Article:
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The Elder Scrolls Online will tailor dungeons to group play, offer "rare locales" for solo players

Despite series-standard flourishes like first-person combat , The Elder Scrolls Online is still firmly lodged in my head as an MMO, which means I'd always assumed that its dungeons would be created with group play in mind. But then I remember the TES connection - and running around through dusty tombs, mossy caves and abandoned shacks with nothing but a bow, a quiver of arrows, and a companion who handily points out traps by activating every damn one of them. Does that history mean the game will lean towards solo supported content? The game's developers have revealed their plans in a recent Q&A.

"The Elder Scrolls Online is set up to be a fluid experience," says the ESO blog, in response to a question about solo adventuring. "As you wander the landscape you'll encounter caves, forts, tombs, dungeons, and etc. Certain rare locales will just be for solo players, and some dungeons are meant for groups made only of people you choose to go in with. Most locales, however, will be accessible by everyone."

The blog reveals that levelling can impact a player's preparedness through these instances. "Some might be too dangerous for you because of your current level, but you can always come back when you are more powerful if you want to complete them solo. We recommend grabbing a friend or grouping up with a stranger if it seems too tough, though, because that's all part of the fun."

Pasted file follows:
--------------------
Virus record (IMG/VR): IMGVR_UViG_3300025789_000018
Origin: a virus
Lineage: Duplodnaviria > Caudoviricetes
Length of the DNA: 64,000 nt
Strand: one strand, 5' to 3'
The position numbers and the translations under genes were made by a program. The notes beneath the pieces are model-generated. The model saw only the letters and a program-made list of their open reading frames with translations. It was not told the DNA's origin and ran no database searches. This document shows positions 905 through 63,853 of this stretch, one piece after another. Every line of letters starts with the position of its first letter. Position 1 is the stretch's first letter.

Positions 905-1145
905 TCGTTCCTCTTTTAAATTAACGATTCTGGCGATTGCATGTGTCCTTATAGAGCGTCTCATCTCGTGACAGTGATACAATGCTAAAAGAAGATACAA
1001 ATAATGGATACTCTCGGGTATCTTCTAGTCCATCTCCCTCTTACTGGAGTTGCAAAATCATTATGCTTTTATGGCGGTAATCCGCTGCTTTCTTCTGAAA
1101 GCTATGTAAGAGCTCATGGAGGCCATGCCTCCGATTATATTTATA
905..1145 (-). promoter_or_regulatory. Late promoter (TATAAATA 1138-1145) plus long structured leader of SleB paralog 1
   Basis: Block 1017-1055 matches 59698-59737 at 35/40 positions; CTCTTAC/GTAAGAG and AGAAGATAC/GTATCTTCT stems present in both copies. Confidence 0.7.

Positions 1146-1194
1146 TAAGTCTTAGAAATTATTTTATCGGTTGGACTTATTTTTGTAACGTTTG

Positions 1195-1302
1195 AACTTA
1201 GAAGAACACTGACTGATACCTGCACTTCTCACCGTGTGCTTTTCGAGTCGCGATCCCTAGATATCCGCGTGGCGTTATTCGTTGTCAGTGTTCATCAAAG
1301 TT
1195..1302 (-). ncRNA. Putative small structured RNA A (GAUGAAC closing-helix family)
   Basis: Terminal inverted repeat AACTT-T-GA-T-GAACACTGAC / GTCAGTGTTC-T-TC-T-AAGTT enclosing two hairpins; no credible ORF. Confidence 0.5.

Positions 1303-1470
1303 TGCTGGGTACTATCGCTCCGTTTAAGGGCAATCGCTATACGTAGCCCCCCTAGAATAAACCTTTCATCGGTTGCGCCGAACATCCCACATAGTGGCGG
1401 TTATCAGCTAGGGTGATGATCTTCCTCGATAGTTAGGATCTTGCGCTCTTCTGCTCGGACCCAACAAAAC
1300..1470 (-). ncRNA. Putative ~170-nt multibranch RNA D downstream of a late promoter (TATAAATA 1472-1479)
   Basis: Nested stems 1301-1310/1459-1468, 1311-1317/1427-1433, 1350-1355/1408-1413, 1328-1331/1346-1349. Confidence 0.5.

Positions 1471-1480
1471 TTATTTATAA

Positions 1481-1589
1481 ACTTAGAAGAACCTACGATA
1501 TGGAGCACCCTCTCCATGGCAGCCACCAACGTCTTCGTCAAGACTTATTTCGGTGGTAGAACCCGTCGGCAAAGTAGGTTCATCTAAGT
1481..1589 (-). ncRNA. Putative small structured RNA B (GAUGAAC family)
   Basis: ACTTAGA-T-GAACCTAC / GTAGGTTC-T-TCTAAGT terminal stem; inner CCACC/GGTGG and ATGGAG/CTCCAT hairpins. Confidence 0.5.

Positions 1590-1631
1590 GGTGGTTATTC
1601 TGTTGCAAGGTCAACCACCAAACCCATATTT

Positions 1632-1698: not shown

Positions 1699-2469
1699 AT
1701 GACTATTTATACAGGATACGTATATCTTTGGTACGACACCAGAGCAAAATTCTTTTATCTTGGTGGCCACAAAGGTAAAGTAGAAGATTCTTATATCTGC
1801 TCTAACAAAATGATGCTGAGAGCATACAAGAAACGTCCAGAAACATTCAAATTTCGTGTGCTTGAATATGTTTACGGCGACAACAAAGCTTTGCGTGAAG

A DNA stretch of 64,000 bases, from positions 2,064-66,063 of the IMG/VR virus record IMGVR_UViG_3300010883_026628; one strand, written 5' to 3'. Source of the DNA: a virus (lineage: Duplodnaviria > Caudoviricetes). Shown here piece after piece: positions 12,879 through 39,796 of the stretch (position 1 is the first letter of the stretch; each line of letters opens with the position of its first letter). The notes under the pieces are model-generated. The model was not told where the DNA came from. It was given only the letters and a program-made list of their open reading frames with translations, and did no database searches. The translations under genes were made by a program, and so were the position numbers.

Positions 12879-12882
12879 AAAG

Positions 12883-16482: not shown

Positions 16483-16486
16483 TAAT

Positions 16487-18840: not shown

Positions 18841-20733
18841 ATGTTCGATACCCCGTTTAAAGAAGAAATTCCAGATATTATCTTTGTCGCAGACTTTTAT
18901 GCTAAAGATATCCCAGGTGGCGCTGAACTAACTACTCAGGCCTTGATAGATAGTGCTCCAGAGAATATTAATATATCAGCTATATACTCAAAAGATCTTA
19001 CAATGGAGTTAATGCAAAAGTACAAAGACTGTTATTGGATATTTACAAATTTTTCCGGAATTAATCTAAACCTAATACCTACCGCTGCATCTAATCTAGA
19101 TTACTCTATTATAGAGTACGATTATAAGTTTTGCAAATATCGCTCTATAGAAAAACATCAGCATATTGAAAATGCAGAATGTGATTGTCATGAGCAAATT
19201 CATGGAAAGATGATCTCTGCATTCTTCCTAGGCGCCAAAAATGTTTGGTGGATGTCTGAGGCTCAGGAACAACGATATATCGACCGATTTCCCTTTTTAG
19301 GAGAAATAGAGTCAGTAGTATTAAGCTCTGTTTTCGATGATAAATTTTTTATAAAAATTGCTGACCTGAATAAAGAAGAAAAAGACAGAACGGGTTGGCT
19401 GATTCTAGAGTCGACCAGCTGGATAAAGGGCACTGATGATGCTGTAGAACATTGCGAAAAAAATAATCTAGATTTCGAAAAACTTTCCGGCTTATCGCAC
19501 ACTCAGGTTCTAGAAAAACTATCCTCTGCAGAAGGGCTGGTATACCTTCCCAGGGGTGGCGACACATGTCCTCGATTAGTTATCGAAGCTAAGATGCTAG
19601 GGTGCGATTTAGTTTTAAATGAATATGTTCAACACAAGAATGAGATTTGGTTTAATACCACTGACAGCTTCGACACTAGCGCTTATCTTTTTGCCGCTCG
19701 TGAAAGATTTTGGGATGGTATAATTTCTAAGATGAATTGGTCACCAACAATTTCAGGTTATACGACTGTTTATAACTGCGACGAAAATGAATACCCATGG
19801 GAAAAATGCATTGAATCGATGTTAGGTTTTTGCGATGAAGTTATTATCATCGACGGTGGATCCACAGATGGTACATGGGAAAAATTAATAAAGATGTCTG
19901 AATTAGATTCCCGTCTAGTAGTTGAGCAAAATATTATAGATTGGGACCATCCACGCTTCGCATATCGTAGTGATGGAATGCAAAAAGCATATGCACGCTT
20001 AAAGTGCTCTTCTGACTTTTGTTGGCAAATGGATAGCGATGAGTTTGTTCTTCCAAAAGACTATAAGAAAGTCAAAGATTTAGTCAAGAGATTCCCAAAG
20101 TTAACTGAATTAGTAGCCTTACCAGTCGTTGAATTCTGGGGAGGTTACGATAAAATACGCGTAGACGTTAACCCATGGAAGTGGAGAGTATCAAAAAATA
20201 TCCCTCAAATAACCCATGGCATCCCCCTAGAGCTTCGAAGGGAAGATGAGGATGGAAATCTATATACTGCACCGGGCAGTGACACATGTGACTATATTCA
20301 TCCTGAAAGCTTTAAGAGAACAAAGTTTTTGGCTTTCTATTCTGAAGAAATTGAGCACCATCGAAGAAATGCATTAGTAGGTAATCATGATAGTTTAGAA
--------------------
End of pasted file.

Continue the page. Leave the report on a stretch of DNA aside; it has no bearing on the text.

We also learn that dungeons will offer "some branching paths", although the focus is on combat over exploration; that unique icons will clearly mark group dungeons; and that wayshrines will let players resurrect in-dungeon without being forced to leave the party. You can read the full Dungeon Q&A here , and learn about the first few hours of Bethesda's MMORPG with Chris's hands-on preview .

Thanks, VG247 .

Phil Savage

Phil has been writing for PC Gamer for nearly a decade, starting out as a freelance writer covering everything from free games to MMOs. He eventually joined full-time as a news writer, before moving to the magazine to review immersive sims, RPGs and Hitman games. Now he leads PC Gamer's UK team, but still sometimes finds the time to write about his ongoing obsessions with Destiny 2, GTA Online and Apex Legends. When he's not levelling up battle passes, he's checking out the latest tactics game or dipping back into Guild Wars 2. He's largely responsible for the whole Tub Geralt thing, but still isn't sorry.